The ‘logic’ of choosing Maldives as a venue for the Hay Festival, a celebration of some of the best international and local literature, appears less than clear cut in view of local reading habits and education levels.

Full schedule of the Hay Festival Maldives

Day passes are on sale at the Olympus Theatre in Male’, and available online for non-residents.

For more information call 991 1429 (residents), +44 1497 822 629 (international), or email [email protected]

Minivan News is a media partner of the Hay Festival Maldives.


22 thoughts on “Failing to make Hay in the sunshine”

  1. 99.99% of maldivians have never heard of this kind of event before. what did the organizers expect? and even for the curious crossing an ocean in this weather makes one think twice about it. i don't think this has been really thought through.

  2. we don't even have internet in my island. if i get out to the beach with my iphone i can get few bytes of internet. how can i get a ticket? i definitely cannot buy that ticket online with this connection. no answer from the phone number. by the time i go to male's big olympus all tickets would be sold out. like what happened to olympians show. very cool show. but sad no ticket for us. please send one bundle here on transport network ferry. atleast to ungufaaru. but i dont have money too. so left alone on everything... 🙁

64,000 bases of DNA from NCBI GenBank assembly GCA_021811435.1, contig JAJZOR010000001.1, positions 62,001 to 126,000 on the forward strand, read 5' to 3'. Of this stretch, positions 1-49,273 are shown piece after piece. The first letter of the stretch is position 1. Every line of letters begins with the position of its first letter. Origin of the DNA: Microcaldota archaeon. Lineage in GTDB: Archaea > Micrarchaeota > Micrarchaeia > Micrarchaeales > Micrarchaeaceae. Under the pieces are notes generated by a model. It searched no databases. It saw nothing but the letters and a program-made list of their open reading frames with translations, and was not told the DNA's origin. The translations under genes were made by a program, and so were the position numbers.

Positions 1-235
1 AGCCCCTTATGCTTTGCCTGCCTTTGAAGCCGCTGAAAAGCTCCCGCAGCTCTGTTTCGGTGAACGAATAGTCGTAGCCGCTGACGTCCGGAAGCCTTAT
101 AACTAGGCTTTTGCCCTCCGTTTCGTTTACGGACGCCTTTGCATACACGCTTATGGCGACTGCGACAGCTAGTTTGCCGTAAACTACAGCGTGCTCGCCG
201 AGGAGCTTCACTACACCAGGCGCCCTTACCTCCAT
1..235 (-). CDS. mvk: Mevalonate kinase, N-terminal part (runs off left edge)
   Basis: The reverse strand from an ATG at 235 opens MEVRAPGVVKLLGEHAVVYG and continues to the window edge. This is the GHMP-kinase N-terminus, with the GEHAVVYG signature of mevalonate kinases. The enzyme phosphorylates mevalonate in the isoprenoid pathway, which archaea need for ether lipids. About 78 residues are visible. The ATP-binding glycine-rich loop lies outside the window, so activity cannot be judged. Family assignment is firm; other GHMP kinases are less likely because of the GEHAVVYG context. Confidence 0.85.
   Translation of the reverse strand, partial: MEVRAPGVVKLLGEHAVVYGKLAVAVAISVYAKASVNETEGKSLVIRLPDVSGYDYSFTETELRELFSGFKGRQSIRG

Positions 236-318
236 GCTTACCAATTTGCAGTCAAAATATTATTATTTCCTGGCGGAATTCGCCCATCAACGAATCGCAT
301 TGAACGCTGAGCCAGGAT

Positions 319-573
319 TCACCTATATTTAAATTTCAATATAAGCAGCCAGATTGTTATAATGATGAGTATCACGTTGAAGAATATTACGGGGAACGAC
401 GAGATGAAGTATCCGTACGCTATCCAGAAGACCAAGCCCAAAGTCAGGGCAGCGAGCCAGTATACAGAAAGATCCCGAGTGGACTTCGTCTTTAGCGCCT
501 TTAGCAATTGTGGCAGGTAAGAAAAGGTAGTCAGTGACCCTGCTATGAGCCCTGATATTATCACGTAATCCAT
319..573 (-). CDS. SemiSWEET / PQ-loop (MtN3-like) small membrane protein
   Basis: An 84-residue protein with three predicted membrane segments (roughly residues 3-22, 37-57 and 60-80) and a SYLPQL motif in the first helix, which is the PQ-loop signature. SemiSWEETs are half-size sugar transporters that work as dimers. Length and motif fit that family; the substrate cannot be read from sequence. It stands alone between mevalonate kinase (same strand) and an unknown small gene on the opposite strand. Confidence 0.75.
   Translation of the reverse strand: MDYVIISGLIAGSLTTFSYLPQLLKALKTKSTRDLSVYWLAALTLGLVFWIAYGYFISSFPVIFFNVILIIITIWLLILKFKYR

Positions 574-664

3. but certainly only good can come out of the festival and possibly affect the issues discussed in the article? other positives are it will help to promote Maldives to new audiences. a lot of environmental writers and speakers are also there, consolidating the country's effort to become an example in facing environmental challenges.

  4. Perhaps this should be advertised a bit more in the country. Many people do not seem to have heard about it. Also, the O'Level exams are on in October. Some secondary school students who are interested are not sure they can attend because of this.